Unlike any other session at the European Health Forum Gastein 2020, the session Young European Voices (S15) was primarily targeted at young professionals with varying backgrounds and interest in health. The session aimed to facilitate a platform for future policy leaders from different European youth movements to share their expert opinion and to enter into a dialogue with high-level representatives from European institutions. The focus was on health systems resilience and digital health transformation.
After the first round of interventions, it became evident that raising and uniting voices alone is not enough to make a change, both for creating resilient health systems and the inevitable digital health transformation. As Michele Calabrò from the European Patients’ Forum pointed out, “we did not start from an ideal situation when COVID-19 hit us, so we need to create more resilient health systems now – and be better prepared.” Showing the entire world with gruelling clarity how important good delivery of healthcare and a properly functioning health system are, COVID-19 has opened the pandora’s box of shortcomings in national health systems, known and raised by health stakeholders for decades. Finally, there is the political will to work towards change – and therefore all health stakeholders – health professional, patients, civil society, have to join forces and grab the bull by its horns.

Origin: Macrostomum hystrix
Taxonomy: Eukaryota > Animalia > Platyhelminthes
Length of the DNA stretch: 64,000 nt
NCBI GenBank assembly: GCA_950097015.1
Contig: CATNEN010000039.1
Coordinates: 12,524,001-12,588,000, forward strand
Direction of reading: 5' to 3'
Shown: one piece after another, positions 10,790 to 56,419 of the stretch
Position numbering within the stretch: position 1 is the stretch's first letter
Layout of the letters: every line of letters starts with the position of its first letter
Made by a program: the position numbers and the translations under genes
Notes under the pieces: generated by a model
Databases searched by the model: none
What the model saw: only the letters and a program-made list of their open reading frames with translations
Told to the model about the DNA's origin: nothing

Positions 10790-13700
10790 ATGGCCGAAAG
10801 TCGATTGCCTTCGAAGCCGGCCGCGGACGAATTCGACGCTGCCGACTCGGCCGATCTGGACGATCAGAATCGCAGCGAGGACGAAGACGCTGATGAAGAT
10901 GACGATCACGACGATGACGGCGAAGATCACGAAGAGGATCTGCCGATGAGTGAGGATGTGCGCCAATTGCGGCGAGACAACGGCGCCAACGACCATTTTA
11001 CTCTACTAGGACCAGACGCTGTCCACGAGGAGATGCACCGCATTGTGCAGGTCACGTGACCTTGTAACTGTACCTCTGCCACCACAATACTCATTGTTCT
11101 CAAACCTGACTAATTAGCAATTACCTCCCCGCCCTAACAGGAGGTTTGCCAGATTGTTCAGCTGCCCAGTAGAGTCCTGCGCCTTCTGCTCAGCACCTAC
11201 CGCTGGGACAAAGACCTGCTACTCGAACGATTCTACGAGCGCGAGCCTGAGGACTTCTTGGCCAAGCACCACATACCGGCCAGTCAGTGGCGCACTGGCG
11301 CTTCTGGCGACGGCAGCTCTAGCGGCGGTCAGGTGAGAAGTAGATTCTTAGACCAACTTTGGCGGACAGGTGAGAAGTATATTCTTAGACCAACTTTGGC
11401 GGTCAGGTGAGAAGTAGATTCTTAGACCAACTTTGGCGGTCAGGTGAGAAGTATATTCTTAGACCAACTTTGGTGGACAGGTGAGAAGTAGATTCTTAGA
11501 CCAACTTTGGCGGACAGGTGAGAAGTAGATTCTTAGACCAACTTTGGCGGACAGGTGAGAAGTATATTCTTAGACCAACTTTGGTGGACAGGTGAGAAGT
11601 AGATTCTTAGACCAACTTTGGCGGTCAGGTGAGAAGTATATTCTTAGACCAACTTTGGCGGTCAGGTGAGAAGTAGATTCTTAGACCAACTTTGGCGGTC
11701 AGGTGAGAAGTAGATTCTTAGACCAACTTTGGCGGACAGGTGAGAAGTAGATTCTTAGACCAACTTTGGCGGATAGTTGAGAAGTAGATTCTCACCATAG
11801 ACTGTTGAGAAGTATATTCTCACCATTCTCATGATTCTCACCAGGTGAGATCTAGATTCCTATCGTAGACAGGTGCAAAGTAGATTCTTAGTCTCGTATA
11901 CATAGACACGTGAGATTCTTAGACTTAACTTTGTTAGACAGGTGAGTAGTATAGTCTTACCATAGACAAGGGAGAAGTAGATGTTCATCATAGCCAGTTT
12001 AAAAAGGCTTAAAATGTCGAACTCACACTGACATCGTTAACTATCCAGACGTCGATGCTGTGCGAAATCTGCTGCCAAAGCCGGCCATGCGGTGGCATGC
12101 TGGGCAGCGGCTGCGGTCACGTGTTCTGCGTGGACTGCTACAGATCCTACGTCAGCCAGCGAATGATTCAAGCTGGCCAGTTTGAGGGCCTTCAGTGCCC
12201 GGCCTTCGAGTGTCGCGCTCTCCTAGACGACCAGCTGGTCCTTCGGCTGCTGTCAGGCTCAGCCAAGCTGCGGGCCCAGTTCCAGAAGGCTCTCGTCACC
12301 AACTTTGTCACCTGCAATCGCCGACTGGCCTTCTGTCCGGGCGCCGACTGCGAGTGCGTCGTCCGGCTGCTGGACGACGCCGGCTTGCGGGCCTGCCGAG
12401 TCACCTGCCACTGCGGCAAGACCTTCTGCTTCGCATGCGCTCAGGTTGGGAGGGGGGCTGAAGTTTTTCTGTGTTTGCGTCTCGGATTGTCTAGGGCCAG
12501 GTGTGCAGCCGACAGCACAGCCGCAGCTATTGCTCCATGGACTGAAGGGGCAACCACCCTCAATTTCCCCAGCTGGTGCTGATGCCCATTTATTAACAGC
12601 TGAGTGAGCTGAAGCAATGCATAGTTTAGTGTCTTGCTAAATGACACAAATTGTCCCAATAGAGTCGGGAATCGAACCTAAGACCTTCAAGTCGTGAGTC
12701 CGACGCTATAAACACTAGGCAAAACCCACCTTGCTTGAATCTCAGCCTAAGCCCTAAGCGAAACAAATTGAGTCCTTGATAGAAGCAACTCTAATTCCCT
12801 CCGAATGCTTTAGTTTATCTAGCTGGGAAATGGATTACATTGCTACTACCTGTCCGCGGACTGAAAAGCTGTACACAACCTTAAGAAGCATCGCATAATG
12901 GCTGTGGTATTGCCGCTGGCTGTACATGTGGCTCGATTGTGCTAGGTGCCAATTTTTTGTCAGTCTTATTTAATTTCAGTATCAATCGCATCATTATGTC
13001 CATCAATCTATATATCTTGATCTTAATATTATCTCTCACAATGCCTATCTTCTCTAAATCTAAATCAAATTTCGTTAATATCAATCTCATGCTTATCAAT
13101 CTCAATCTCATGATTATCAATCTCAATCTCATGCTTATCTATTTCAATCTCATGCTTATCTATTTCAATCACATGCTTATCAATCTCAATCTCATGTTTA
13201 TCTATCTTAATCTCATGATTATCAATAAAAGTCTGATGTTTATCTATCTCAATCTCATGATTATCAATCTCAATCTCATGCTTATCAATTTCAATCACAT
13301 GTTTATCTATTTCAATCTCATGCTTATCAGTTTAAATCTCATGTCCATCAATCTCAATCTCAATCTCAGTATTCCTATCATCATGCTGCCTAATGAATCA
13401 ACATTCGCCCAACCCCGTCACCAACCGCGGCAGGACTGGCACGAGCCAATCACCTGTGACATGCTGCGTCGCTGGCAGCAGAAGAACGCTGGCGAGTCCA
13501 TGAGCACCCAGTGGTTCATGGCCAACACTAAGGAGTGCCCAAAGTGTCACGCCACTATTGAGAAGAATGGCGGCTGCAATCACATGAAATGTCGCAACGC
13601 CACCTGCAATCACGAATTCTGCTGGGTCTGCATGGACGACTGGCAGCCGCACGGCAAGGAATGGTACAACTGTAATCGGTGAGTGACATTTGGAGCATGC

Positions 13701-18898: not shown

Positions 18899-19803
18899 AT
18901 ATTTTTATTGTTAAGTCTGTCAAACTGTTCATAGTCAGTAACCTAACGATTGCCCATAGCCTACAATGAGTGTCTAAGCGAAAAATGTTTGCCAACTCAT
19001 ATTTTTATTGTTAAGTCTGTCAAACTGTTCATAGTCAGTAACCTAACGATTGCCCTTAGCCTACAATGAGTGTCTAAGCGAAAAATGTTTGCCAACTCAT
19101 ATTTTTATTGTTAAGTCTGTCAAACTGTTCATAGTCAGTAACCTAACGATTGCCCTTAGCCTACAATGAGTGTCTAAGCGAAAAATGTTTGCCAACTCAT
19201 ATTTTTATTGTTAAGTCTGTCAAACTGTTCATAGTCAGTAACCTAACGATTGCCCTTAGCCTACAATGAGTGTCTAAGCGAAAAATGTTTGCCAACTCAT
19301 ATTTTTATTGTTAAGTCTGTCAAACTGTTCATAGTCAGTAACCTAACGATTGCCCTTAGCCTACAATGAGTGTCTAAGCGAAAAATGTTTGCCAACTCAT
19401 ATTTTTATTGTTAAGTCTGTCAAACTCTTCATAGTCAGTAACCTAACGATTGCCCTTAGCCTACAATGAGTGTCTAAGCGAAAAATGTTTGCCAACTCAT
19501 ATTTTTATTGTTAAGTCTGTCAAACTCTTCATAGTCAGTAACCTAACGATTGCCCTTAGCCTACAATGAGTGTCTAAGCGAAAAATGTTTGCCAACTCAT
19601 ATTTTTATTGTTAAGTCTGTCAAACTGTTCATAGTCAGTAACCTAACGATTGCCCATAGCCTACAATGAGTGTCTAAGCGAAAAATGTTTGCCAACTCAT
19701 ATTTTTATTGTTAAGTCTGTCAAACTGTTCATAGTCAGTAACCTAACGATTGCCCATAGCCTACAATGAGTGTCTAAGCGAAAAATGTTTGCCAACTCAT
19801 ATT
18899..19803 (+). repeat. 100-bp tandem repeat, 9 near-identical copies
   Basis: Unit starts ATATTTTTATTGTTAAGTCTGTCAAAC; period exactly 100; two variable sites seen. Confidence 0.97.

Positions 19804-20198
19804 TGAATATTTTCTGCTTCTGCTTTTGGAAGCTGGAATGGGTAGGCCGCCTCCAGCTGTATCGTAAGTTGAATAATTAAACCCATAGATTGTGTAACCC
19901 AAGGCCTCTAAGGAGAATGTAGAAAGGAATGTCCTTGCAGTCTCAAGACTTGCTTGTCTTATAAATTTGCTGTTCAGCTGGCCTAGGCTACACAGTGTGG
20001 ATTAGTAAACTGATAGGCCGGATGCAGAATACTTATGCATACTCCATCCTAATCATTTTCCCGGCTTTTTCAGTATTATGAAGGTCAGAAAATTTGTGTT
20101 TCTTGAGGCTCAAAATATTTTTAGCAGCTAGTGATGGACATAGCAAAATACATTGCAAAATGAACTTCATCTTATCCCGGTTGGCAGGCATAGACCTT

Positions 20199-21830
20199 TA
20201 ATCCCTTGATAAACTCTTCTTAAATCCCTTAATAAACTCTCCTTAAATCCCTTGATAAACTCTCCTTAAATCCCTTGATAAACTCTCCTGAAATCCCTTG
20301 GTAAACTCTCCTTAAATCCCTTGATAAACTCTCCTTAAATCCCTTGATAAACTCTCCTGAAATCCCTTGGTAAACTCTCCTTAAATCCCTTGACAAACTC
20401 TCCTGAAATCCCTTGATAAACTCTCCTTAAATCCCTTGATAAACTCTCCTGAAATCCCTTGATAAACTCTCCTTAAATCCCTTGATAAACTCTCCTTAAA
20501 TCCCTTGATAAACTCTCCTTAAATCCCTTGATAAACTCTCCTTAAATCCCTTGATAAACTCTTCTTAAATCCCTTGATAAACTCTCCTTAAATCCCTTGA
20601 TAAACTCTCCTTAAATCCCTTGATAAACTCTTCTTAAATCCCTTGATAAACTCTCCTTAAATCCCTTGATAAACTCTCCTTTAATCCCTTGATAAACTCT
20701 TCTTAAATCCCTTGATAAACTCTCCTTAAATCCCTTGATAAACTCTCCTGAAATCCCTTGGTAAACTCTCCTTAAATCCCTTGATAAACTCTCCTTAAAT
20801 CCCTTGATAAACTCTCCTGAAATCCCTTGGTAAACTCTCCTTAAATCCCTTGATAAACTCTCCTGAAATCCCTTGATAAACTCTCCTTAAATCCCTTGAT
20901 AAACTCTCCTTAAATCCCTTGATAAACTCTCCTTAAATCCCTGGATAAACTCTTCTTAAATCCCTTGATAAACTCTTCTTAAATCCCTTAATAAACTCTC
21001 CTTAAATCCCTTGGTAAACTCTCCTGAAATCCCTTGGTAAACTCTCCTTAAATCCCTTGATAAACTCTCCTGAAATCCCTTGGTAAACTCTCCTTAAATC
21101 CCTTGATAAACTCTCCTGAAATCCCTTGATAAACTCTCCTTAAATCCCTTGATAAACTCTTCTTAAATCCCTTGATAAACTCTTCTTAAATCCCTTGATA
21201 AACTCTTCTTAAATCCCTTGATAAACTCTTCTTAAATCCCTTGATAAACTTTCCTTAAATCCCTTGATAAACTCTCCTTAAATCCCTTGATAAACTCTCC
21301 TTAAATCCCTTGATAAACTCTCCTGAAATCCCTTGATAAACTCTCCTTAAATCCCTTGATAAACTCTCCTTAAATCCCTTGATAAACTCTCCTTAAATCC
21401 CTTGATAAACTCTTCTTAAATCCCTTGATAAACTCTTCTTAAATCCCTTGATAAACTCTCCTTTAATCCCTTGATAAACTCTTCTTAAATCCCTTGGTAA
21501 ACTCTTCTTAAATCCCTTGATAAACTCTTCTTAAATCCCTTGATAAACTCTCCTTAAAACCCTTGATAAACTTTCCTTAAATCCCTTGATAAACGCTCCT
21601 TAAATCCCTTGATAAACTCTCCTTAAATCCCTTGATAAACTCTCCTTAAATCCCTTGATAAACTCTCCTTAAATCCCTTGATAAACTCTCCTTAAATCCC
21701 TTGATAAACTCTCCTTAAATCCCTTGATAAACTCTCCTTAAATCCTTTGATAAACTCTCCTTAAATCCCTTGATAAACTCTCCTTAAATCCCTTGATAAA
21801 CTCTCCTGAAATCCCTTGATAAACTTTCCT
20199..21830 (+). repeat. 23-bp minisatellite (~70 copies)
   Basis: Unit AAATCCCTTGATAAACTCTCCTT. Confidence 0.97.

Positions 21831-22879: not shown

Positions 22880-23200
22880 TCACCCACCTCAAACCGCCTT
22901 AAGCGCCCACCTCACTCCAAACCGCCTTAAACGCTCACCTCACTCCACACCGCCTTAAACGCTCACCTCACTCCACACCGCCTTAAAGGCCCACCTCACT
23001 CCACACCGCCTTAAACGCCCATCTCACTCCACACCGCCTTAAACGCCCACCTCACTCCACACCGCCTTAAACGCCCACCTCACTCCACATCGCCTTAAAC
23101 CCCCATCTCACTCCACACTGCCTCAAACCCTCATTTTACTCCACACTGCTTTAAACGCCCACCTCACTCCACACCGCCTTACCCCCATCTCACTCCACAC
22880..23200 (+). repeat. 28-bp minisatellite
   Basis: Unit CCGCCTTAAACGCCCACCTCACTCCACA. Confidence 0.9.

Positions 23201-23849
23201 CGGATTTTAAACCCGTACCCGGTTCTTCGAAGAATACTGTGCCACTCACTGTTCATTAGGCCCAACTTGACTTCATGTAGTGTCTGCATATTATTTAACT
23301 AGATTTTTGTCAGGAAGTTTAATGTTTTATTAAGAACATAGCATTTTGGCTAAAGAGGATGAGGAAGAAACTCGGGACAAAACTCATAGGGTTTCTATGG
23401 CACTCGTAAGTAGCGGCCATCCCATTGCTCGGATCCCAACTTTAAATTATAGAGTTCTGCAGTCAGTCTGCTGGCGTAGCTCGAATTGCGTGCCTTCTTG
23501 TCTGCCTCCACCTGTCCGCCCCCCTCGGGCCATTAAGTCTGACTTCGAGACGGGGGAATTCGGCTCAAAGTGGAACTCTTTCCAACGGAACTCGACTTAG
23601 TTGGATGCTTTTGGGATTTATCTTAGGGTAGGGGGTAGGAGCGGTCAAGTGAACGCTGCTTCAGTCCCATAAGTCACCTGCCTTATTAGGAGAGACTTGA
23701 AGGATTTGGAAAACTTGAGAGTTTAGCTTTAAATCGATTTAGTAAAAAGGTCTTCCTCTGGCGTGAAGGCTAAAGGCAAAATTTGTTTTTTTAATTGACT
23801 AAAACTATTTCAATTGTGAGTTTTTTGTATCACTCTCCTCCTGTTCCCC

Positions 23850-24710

On multiple counts, the representatives of European institutions present in this session pointed out that the future of Europe needs youth organisations and young professionals to make their voices heard. And that policymakers need to be in touch with the youth, for they in fact need their help (e.g. because, as Susana Solís Pérez, MEP, Renew Europe, said “we are more digitally literate”). It seems that institutions and politicians are lost and don’t know where to start, only further adding items to the already endless list of long-term visions for a resilient and digitally transformed health system, while hesitant to initiate much needed short-term action and the proper implementation of already existing policy tools. With young people revamping scuba diving masks for the needs of the pandemic or setting up local networks to help the elderly, their call for a seat at the table, for more involvement in co-decision making and co-creation, seems more than timely and justified. However, it remains to be seen whether the young generation’s voices are strong enough to be heard on those levels they can actually make a difference at.
This blog was written by a Young Gasteiner Simone Mohrs.